CRF can only be confirmed with clinical tests, as several other diseases, can cause similar clinical signs.  Urinalysis will measure urine specific gravity (the kidney's ability to concentrate the urine), and also screen for infection as cats with renal disease are predisposed to secondary bacterial urinary tract infections. Blood tests will measure the levels of waste products in the blood, check electrolyte values, and monitor for anemia. Blood pressure screenings are also important.

 Although there is no cure for CRF, many of the symptoms can be supported with various therapies: hydration therapy, anti-nausea medications and antacids, electrolyte supplementation, hormone and blood pressure medications. The therapeutic plan is developed based on each individual cat's needs. With proper treatment, cats can often live years with a good quality life. Your veterinary team is always available to provide guidance in managing this disease. 


Take advantage of this month's testing specials good through May 4th with a physical examination and mention of this MEWSLETTER: 
Urinalysis is usually the first test we recommend to check kidney function and if this shows any abnormalities, blood tests and/or blood pressure tests are recommended for cats at risk for kidney disease.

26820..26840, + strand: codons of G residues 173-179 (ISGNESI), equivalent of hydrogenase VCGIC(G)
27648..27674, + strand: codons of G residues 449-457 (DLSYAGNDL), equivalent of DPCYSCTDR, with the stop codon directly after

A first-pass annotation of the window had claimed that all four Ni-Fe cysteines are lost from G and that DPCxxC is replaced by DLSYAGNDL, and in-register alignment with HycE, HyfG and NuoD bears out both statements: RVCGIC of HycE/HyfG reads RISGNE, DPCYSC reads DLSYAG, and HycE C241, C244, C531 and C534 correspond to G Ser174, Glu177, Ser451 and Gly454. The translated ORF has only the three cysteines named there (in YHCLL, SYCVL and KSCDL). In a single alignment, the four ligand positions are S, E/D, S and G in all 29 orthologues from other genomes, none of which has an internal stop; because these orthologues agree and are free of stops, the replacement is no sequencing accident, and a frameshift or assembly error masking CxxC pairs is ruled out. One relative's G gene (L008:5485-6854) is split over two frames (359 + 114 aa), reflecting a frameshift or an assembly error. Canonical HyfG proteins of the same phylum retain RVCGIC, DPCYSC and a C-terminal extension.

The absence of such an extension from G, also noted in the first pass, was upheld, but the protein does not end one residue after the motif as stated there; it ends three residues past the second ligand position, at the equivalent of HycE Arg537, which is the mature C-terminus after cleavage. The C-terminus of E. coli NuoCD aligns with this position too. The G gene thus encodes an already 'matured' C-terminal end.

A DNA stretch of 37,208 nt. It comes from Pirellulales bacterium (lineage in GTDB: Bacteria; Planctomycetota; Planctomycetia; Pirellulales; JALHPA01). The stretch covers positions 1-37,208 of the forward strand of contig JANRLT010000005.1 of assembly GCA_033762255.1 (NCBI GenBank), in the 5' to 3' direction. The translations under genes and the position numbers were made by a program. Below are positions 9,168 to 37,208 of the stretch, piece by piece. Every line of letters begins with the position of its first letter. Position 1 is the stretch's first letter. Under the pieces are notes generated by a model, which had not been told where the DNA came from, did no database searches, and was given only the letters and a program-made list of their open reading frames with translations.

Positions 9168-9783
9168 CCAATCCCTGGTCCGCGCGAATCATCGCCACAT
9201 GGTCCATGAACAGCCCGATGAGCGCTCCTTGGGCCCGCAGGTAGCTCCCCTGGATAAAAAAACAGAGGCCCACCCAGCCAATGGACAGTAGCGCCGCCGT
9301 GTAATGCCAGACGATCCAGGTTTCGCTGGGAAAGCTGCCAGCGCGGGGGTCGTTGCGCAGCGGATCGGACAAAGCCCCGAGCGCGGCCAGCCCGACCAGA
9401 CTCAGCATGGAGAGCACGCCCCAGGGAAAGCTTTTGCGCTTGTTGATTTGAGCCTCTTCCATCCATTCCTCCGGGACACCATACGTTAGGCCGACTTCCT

$48 (reg $68)
no access to outdoors
or litter box 3 hrs. prior 
Blood Tests
15% OFF 
any initial blood tests
if indicated

New Class Coming!

Thursday, May 9, 6-7:15 pm
with Jennifer Fligiel, DVM

Has your cat  been diagnosed with cancer? Or perhap
s you have an older cat and would like to be informed just in case you need it someday?
Then this is the class for you! Fortunately, in most cases there is much that can be done to keep cats comfortable and happy while they are undergoing cancer treatments and/or are living with symptoms.

Designed to take the mystique and
scariness out of a cancer diagnosis, our very own Dr. Fligiel will discuss what the diagnosis means, review the various options for care, and share what you can do to support your kitty in the process. There will also be time allotted for both group and individual questions. The class is complimentary and will be held in our lobby.

Space is limited, so be sure to make your reservation early! To secure your spot, email [email protected] or call 206-546-2287. 


Have you tried trimming your cat's nails at home? For indoor cats with nails and especially in older cats with or without outdoor access it is important to keep up on this to prevent ingrown toenails or injury to a toe when a nail gets caught in a fabric and to protect your furniture. Once you understand the basics it can become easy to do and can even be a bonding experience for you and your kitty.

Check out our new YouTube Video where Kelsey, one of our veterinary nurses, discusses and demonstrates how to clip a cat's toenails.

Tips For Trimming Your Cat's Toenails 
Tips For Trimming Your Cat's Toenails

Mon & Fri 8 am - 6 pm
 Tues, Wed, Thurs 8 am - 8 pm
Sat  8 am - 5 pm
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19203 Aurora Avenue North
Shoreline, WA 98133

(206) 546-2287 (CATS)

 Place For Cat Since 1981